Talk about a light bulb moment for me.  I couldn't see it.  I hadn't seen it, but she was exactly right.  Pie was scared.  And, it hit me all at once, he wasn't just scared about them racing around.  Pie was scared of Foggy!  Pie has been acting weird since Foggy got here because he is afraid of this new horse.  Pie is big and blustery, and I assumed he was acting aggressively so that Foggy understands "who is boss around here."  That is what is so weird about Pie.  He is big and he does tend to throw his weight around about some things, but Sovey makes all the decisions about where they move and graze in the pastures.   Their roles of leadership are blurred, and I knew instantly that Pie hasn't been trying to dominate, he has been frightened. 

I stood at the gate and stared at Pie and all my stupid "stallion" worry just fell away.  I went back into the pasture with him and started brushing him and got him to calm down.  Next, I brought him outside and grazed him quietly.   Then, we retraced our steps back to the barn and forebay and he was perfect no matter what Sovey did to distract him. 

This morning, I got Pie out and  tacked him up.  Sovereign tried his tricks again, but Pie wasn't listening so Sovey stopped.  We rode all around through the frozen snow.  There were bright orange flagmen working on the road, but Pie was not phased.  He was the perfect angel.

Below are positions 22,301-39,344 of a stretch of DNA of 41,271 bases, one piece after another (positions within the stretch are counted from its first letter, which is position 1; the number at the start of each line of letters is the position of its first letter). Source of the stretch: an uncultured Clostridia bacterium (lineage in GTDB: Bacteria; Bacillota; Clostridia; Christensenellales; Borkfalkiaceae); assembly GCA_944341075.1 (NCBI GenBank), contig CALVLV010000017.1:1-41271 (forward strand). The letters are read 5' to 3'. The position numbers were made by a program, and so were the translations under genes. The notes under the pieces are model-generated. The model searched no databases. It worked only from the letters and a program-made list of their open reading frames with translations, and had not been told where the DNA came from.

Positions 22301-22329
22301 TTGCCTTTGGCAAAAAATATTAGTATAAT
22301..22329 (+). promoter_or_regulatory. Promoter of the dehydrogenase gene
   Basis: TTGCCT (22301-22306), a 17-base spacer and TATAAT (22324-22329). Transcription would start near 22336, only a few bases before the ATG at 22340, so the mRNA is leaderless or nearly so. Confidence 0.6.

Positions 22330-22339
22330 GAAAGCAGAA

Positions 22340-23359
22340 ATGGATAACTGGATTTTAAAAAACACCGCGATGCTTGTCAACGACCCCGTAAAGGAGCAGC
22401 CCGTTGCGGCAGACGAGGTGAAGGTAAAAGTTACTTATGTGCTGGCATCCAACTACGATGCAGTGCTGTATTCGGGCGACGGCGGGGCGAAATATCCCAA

After our ride, I introduced Foggy to a new pasture.  I arranged our gates so Foggy shared a gate for the first time with Pie and Sovey.  I did not leave the horses unattended with the shared gate setup because they could put a foot through, but I did allow them some time to get to know each other while I did pasture cleanup.  Pie was wonderful with Foggy.  They all groomed and the brothers made a "Pie sandwich" and everyone was grooming everyone else.  It was adorable and gives a hint that it might all work out in spite of my erroneous worries!

Thursday, February 3, 2011

Stroll around the grounds until you feel at home

We have ice here after our storm on Tuesday and Wednesday, but I hate to complain because it is nothing like the snow my blogger friends got in the Midwest.  The horses have managed very well outside, although I did get Pie and Sovey's indoor stalls ready just in case.